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Effects of Peer Counseling to Support Breastfeeding: Assessing the External Validity of a Randomized Field Experiment

Author

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  • Onur Altindag
  • Theodore J. Joyce
  • Julie A. Reeder

Abstract

In an effort to improve breastfeeding, the Oregon WIC Program tested whether a relatively low-cost telephone peer counseling initiative to support breastfeeding could increase the initiation and duration of exclusive breastfeeding among its participants. They conducted a large randomized field experiment (RFE) with over 1900 women from four WIC agencies in the state. In this study we use data from the RFE along with administrative data from the rest of the state to assess whether the results from the RFE can be extended to other agencies in the state. We find small or non-existent effects of peer counseling in the non-experimental settings, which suggest that the experimental estimates may reflect Hawthorne effects. We present evidence of selection into RFE in that exclusive breastfeeding among the controls is significantly greater than among women who were offered but declined to participate in the RFE as well as from women in the rest of the state who had no access to peer counseling. We conclude that despite the strong internal validity of the RFE, extending the program to other agencies in the state would have a limited impact at best on exclusive breastfeeding.

Suggested Citation

  • Onur Altindag & Theodore J. Joyce & Julie A. Reeder, 2015. "Effects of Peer Counseling to Support Breastfeeding: Assessing the External Validity of a Randomized Field Experiment," NBER Working Papers 21013, National Bureau of Economic Research, Inc.
  • Handle: RePEc:nbr:nberwo:21013
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    References listed on IDEAS

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    1. LaLonde, Robert J, 1986. "Evaluating the Econometric Evaluations of Training Programs with Experimental Data," American Economic Review, American Economic Association, vol. 76(4), pages 604-620, September.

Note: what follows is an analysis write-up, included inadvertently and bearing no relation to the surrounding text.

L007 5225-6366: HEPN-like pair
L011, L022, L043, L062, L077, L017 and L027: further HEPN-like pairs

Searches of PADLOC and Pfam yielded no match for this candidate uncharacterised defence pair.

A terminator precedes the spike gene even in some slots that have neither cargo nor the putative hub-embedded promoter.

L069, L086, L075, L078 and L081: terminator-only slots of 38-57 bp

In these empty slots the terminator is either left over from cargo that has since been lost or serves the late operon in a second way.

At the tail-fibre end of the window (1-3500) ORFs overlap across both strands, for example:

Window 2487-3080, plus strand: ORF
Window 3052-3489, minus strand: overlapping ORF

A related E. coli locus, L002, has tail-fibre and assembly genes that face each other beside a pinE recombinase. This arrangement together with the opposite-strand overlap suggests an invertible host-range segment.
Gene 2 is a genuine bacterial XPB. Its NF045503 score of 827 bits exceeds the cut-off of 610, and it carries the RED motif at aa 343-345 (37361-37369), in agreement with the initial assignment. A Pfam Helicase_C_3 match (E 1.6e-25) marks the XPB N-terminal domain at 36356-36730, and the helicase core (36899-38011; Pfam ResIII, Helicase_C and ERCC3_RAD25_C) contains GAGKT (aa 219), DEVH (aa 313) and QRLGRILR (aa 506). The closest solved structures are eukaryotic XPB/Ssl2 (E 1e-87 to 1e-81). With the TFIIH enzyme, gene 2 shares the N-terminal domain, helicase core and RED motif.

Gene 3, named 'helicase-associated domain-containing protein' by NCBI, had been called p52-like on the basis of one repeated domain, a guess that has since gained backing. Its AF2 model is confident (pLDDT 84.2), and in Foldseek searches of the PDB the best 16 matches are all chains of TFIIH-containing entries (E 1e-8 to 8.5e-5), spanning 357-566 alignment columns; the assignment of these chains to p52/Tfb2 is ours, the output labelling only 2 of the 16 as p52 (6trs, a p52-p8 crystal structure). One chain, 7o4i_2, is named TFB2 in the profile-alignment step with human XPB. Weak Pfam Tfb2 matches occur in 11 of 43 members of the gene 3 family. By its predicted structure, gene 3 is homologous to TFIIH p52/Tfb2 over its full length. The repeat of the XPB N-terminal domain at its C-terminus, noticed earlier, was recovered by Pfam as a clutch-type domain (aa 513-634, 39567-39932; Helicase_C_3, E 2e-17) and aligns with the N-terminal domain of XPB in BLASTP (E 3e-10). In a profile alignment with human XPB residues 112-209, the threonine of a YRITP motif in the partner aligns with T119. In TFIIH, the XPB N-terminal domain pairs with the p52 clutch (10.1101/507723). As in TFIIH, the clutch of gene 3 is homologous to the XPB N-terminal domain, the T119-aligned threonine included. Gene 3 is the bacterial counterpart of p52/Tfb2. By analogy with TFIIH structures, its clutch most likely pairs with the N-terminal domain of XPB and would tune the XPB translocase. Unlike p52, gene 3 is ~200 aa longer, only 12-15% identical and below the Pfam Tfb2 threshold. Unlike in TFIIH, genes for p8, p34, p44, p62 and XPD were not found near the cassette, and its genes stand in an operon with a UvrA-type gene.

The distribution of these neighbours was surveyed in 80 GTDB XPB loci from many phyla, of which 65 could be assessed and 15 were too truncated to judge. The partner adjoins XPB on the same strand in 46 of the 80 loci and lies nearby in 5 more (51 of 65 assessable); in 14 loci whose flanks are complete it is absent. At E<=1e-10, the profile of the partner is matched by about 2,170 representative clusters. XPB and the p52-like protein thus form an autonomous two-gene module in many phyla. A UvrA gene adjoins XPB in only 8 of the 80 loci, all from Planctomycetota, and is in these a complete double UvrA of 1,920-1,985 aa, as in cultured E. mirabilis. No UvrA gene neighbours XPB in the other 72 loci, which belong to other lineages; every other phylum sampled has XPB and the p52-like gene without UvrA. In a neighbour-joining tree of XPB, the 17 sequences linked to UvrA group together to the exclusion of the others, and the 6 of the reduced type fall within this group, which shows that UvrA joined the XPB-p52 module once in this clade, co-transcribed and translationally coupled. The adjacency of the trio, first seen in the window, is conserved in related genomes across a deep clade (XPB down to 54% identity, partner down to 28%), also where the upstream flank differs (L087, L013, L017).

2. Angus Deaton, 2010. "Instruments, Randomization, and Learning about Development," Journal of Economic Literature, American Economic Association, vol. 48(2), pages 424-455, June.
    3. A. Smith, Jeffrey & E. Todd, Petra, 2005. "Does matching overcome LaLonde's critique of nonexperimental estimators?," Journal of Econometrics, Elsevier, vol. 125(1-2), pages 305-353.
    4. James J. Heckman & Jeffrey A. Smith, 1995. "Assessing the Case for Social Experiments," Journal of Economic Perspectives, American Economic Association, vol. 9(2), pages 85-110, Spring.
    5. Michael Woolcock, 2013. "Using Case Studies to Explore the External Validity of ‘Complex’ Development Interventions," CID Working Papers 270, Center for International Development at Harvard University.
    6. Oliveira, Victor & Frazao, Elizabeth & Smallwood, David M., 2010. "Rising Infant Formula Costs to the WIC Program: Recent Trends in Rebates and Wholesale Prices," Economic Research Report 59384, United States Department of Agriculture, Economic Research Service.
    7. repec:pri:rpdevs:deaton_instruments_randomization_learning_all_04april_2010 is not listed on IDEAS
    8. Abhijit V. Banerjee & Esther Duflo, 2009. "The Experimental Approach to Development Economics," Annual Review of Economics, Annual Reviews, vol. 1(1), pages 151-178, May.
    9. Rodrik, Dani, 2008. "The New Development Economics: We Shall Experiment, but How Shall We Learn?," Working Paper Series rwp08-055, Harvard University, John F. Kennedy School of Government.
    10. Guido W. Imbens, 2010. "Better LATE Than Nothing: Some Comments on Deaton (2009) and Heckman and Urzua (2009)," Journal of Economic Literature, American Economic Association, vol. 48(2), pages 399-423, June.
    11. Pritchett Lant & Sandefur Justin, 2014. "Context Matters for Size: Why External Validity Claims and Development Practice do not Mix," Journal of Globalization and Development, De Gruyter, vol. 4(2), pages 161-197, March.
    12. Alberto Abadie & Matthew M. Chingos & Martin R. West, 2013. "Endogenous Stratification in Randomized Experiments," NBER Working Papers 19742, National Bureau of Economic Research, Inc.
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    More about this item

    JEL classification:

    • I12 - Health, Education, and Welfare - - Health - - - Health Behavior
    • I18 - Health, Education, and Welfare - - Health - - - Government Policy; Regulation; Public Health

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